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There’s a lot you’ve heard and seen on TV about travelling in Mumbai. Local trains have earned the notoriety of leaving newcomers perplexed. I won’t get started on the potholes on the roads, lest it takes up the rest of the blog space.
Off with the jokes and in with the facts. 88% of Mumbaikars use public transport. It has an amazing local train network and one of the largest organized bus transport networks among major cities in India. The Metro and Monorail system is set to get better in the next five years. Even a commercial seaplane service has been introduced! If you set your fears aside, you will find travelling in Mumbai to be an exciting adventure in itself. You will get to really see the city in some of its glorious and not so glorious bits.
The general rule of thumb is that travelling in Mumbai from point to point outside your area generally takes an hour to an hour and a half. How comfortably you travel depends on the time you leave your place of departure.
Mumbai’s lifeline is its local trains. When you look at one from an overbridge, you will feel they are like living, breathing organisms snaking their way through the city, huffing, puffing and sometimes reeling against the relentless crowd. The rail lines are divided into four zones, Central, Western, Harbour, and Trans Harbour, each reaching different corners of the city. All lines have the option of a fast local (which skips certain stations) and slow local (which stops everywhere).
Travelling in Mumbai at peak hours isn’t for the faint-hearted. Consider this fact – the 400km long rail lines of Mumbai ferry more people in a day than the entire population of Switzerland or Bhutan!
Mumbai has the highest passenger density in the world and locals ply an estimated 80 lakh people everyday! Take a minute to re-read that. Isn’t that amazing!
You will have to position yourself in the exact place in the platform so that the crowd can push you inside. Once inside you may be uncomfortably stuck between a good two hundred people (fitted into the space for hundred). Once inside, if you have a little space, you will generally have vendors selling everything from imitation jewellery to household items and snacks. In the good old days, you could enjoy hearing chats from fellow commuters and pass your time.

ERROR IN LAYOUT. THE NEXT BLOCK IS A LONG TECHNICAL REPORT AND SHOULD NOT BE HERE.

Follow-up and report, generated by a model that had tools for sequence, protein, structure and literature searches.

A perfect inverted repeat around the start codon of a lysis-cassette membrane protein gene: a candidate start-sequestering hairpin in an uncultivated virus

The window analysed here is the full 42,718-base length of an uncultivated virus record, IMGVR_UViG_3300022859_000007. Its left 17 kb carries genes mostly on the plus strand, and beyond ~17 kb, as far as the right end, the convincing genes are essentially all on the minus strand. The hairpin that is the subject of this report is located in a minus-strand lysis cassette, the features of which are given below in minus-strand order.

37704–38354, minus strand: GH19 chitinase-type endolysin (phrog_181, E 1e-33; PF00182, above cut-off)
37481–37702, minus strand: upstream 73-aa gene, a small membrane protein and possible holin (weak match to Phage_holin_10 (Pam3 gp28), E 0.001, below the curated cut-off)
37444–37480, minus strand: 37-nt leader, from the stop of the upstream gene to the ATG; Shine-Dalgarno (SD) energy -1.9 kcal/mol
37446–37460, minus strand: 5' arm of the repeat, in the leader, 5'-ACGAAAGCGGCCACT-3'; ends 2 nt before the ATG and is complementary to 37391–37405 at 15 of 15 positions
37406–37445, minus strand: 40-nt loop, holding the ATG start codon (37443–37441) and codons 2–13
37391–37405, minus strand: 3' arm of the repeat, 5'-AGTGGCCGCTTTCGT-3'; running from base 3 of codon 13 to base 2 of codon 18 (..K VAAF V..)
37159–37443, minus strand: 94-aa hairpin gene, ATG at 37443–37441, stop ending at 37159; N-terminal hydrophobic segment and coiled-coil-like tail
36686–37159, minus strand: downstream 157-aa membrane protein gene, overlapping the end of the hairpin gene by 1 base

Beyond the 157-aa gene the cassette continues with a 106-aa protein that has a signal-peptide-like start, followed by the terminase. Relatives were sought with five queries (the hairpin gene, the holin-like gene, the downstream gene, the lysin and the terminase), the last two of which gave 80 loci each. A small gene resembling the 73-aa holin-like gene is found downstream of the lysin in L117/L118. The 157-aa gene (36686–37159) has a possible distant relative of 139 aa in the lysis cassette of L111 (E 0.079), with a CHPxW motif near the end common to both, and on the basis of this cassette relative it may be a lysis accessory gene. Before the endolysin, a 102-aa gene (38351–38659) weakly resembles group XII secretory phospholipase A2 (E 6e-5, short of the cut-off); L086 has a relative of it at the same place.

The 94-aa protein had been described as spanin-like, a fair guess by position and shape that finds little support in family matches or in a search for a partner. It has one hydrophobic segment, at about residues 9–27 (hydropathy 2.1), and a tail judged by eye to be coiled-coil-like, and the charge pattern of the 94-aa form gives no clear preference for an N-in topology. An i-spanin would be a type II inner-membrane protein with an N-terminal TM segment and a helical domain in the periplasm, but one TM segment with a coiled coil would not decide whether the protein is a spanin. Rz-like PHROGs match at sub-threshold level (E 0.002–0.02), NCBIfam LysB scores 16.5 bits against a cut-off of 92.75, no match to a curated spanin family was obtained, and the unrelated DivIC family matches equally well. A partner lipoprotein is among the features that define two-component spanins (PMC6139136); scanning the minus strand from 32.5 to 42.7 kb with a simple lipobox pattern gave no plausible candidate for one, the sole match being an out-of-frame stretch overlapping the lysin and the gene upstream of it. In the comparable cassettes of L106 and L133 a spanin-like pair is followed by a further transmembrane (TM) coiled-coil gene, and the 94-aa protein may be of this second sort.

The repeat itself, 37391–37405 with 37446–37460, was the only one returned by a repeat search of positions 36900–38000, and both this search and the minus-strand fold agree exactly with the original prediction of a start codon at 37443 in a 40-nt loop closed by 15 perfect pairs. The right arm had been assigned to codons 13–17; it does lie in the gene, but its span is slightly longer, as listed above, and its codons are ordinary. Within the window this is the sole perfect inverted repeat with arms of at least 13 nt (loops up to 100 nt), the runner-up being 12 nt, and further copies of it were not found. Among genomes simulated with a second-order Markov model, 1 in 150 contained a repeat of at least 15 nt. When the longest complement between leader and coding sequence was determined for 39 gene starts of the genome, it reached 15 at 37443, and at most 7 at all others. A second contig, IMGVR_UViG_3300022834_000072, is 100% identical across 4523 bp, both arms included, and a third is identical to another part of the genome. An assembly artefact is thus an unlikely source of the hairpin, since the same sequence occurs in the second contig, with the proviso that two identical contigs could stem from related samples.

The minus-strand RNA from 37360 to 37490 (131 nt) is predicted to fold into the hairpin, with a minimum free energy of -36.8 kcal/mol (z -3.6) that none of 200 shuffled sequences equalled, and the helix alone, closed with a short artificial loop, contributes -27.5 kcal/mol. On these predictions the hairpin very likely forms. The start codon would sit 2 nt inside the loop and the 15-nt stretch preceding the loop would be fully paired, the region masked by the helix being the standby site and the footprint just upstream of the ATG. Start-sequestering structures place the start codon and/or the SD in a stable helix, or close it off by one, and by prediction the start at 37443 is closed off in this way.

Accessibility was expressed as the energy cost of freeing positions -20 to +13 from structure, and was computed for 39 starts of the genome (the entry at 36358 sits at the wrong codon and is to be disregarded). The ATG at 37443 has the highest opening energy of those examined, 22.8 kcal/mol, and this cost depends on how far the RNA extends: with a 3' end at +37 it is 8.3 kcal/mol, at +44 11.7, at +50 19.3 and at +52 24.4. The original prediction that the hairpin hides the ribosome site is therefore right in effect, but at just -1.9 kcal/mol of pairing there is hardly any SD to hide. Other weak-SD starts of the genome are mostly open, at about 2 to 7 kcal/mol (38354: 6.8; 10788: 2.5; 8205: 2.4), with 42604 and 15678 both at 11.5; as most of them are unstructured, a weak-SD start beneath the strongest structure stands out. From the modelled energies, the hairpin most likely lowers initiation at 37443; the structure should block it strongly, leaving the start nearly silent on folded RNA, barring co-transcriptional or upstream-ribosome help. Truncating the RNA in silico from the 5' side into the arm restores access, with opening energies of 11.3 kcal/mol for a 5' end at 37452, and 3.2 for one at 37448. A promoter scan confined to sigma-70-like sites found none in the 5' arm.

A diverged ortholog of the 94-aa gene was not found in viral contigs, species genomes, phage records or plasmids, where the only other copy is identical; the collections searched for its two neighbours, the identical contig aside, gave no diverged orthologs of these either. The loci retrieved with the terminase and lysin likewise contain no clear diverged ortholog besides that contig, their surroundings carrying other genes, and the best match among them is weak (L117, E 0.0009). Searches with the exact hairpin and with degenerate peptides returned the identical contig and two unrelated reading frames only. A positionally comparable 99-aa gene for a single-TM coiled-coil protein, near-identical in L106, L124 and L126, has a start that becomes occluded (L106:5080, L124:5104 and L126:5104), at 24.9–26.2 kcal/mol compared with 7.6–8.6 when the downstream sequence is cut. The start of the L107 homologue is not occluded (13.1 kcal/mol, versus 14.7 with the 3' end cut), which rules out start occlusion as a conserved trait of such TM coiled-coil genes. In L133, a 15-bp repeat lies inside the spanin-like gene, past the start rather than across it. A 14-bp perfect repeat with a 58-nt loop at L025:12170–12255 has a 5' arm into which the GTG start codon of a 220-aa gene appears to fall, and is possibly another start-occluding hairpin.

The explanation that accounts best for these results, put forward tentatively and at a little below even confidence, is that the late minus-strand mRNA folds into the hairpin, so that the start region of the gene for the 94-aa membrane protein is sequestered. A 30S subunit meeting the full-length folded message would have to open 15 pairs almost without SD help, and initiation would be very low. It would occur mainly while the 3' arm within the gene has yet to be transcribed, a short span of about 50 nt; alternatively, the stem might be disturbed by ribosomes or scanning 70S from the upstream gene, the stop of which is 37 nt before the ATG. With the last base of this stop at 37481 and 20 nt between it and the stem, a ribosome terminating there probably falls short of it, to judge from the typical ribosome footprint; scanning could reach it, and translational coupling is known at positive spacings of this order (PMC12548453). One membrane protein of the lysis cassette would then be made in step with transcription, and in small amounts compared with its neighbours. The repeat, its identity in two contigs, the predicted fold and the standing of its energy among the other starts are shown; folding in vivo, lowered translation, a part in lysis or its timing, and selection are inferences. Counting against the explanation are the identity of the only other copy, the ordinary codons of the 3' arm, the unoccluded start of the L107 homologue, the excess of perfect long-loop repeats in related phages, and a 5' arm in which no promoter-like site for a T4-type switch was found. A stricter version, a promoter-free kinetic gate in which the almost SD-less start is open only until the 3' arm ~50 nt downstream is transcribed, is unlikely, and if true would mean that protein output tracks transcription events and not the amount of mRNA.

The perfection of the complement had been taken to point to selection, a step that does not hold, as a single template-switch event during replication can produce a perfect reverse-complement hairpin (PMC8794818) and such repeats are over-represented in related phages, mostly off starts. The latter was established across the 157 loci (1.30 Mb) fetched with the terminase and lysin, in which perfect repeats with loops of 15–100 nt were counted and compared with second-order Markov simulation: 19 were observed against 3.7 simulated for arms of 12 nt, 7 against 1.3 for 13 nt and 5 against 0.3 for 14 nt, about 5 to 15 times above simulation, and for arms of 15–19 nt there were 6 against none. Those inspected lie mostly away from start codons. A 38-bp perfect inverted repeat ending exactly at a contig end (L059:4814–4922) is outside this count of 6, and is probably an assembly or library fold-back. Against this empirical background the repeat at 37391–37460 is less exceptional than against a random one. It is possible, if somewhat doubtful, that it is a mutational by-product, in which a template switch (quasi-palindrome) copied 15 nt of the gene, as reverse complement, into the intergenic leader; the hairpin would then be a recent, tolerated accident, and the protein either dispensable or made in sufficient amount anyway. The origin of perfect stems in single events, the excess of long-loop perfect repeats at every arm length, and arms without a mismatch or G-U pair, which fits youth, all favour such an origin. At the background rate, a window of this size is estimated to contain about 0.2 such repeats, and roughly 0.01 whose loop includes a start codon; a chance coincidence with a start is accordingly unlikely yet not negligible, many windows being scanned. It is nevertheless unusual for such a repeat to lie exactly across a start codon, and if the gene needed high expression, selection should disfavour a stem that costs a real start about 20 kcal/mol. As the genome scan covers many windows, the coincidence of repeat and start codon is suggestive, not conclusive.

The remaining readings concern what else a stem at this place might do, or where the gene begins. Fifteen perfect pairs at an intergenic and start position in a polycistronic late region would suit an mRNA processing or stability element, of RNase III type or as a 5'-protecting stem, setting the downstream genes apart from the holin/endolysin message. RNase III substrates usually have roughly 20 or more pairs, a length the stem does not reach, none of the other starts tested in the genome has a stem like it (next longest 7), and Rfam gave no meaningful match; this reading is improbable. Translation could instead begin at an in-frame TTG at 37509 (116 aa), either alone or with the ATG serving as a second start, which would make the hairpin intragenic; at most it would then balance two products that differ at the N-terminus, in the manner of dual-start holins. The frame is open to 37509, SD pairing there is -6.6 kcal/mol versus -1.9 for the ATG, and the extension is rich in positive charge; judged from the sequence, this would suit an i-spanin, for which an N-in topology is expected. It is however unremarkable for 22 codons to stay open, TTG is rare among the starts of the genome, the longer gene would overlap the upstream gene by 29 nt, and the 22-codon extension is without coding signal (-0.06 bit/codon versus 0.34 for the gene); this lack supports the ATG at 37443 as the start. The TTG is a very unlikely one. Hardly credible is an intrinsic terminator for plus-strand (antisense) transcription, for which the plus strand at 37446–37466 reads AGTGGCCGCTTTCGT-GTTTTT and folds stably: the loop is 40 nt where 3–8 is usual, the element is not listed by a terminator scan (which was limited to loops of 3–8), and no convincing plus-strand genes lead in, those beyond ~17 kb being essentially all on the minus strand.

These days almost everyone is bending over to see their mobile phones and catching half hour of a movie before their next stop. You will have to find your way to the exit about 2-3 stops before you actually want to get down – that way you will get somewhere close to the door when your stop pulls. Another thing is that each train stops only for a few seconds and that is your window to get on or get off.
There is never a dull moment in the Mumbai local train.
How to travel in the Mumbai local train like a pro:
1. Try to get into trains from their starting points. (Churchgate, VT, Thane, Virar etc.) This way you’ll be able to get in at a decent pace. There are some locals that start from in-between stations like Andheri, Bandra and Wadala too.
2. Use the Mumbai Indicator app: This is, by far, the best app that gives not only the timing for trains in a route but also the platform on which it is expected to arrive.
3. Most stations have exits to the ‘east’ and ‘west’ of the city. Know where you have to go before you leave the platform.
4. Some stations like Dadar, Bandra and Andheri are more confusing than others because they ply locals on multiple lines.
5. The position of the compartments changes sometimes between a 12 coach and 15 coach local. Keep listening to the announcements in English, Hindi and Marathi to know where you need to be.